Preoperative aspirin use and acute kidney injury after cardiac surgery: A propensity-score matched observational studyReport as inadecuate




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Background

The association between preoperative aspirin use and postoperative acute kidney injury AKI in cardiovascular surgery is unclear. We sought to evaluate the effect of preoperative aspirin use on postoperative AKI in cardiac surgery.

Methods

A total of 770 patients who underwent cardiovascular surgery under cardiopulmonary bypass were reviewed. Perioperative clinical parameters including preoperative aspirin administration were retrieved. We matched 108 patients who took preoperative aspirin continuously with patients who stopped aspirin more than 7 days or did not take aspirin for the month before surgery. The parameters used in the matching included variables related to surgery type, patient’s demographics, underlying medical conditions and preoperative medications.

Results

In the first seven postoperative days, 399 patients 51.8% developed AKI, as defined by the Kidney Disease Improving Global Outcomes KDIGO criteria and 128 patients 16.6% required hemodialysis. Most patients took aspirin 100 mg once daily n = 195, 96.5% and the remaining 75 mg once daily. Multivariable analysis showed that preoperative maintenance of aspirin was independently associated with decreased incidence of postoperative AKI odds ratio OR 0.46, 95% confidence interval CI 0.21–0.98, P = 0.048; after propensity score matching: OR 0.39, 95% CI 0.22–0.67, P = 0.001. Preoperative maintenance of aspirin was associated with less incidence of AKI defined by KDIGO both in the entire and matched cohort n = 44 40.7% vs. 69 63.9% in aspirin and non-aspirin group, respectively in matched sample, relative risk RR 0.64, 95% CI 0.49, 0.83, P = 0.001. Preoperative aspirin was associated with decreased postoperative hospital stay after matching 12 9–18 days vs. 16 10–25 in aspirin and non-aspirin group, respectively, P = 0.038. Intraoperative estimated or calculated blood loss using hematocrit difference and estimated total blood volume showed no difference according to aspirin administration in both entire and matched cohort.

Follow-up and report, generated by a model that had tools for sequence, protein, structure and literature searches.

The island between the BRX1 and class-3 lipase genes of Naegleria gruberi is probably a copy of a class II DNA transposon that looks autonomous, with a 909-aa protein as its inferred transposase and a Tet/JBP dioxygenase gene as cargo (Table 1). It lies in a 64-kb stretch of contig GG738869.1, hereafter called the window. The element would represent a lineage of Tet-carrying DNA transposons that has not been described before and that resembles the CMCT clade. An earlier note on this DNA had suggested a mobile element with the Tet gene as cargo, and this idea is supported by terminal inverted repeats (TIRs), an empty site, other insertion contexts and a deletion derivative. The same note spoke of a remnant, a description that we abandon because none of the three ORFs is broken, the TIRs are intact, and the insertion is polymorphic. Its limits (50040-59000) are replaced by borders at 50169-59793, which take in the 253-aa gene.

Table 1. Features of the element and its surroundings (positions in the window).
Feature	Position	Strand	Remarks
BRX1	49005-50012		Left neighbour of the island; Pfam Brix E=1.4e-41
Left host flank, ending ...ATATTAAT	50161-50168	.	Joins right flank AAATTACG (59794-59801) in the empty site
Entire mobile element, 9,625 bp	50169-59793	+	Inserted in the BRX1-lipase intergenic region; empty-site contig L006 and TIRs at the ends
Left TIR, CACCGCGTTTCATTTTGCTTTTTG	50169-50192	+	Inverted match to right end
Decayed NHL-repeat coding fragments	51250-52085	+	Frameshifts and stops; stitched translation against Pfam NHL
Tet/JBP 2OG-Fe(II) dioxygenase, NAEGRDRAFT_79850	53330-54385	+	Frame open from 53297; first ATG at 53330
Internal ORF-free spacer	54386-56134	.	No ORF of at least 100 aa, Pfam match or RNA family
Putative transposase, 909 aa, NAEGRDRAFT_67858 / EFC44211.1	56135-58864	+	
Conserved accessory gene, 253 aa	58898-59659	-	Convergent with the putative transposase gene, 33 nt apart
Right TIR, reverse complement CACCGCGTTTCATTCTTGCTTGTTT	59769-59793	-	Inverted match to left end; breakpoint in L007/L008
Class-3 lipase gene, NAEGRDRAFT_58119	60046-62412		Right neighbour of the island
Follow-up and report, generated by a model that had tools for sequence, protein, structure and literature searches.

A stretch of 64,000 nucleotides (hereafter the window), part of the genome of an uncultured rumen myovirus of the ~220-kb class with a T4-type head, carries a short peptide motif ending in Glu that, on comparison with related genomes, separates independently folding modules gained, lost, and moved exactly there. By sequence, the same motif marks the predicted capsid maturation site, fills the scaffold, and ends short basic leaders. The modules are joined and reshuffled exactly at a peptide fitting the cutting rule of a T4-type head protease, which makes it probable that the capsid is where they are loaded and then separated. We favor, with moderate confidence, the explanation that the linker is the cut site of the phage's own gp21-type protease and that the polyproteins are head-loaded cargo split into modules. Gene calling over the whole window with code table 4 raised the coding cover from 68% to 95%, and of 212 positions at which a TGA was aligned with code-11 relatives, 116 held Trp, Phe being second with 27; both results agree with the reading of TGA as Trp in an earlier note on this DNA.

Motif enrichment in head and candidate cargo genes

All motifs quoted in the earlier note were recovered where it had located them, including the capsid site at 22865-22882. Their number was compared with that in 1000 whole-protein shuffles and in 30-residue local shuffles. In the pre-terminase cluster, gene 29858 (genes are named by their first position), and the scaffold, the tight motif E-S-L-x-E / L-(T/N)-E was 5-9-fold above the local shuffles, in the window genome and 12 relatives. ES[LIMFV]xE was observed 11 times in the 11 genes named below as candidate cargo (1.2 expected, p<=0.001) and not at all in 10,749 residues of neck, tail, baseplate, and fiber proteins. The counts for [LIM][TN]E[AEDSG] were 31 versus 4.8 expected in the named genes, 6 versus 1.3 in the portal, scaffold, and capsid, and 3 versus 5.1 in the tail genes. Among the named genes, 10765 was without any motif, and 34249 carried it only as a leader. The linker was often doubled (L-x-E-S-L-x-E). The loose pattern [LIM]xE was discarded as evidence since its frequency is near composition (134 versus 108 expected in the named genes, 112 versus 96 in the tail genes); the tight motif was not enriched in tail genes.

Conclusions

Preoperative low dose aspirin administration without discontinuation was protective against postoperative AKI defined by KDIGO criteria independently in both entire and matched cohort. Preoperative aspirin was also associated with decreased hemodialysis requirements and decreased postoperative hospital stay without increasing bleeding. However, differences in AKI and hospital stay were not associated with in-hospital mortality.



Author: Min Hur , Chang-Hoon Koo , Hyung-Chul Lee, Sun-Kyung Park, Minkyung Kim, Won Ho Kim , Jin-Tae Kim, Jae-Hyon Bahk

Source: http://plos.srce.hr/



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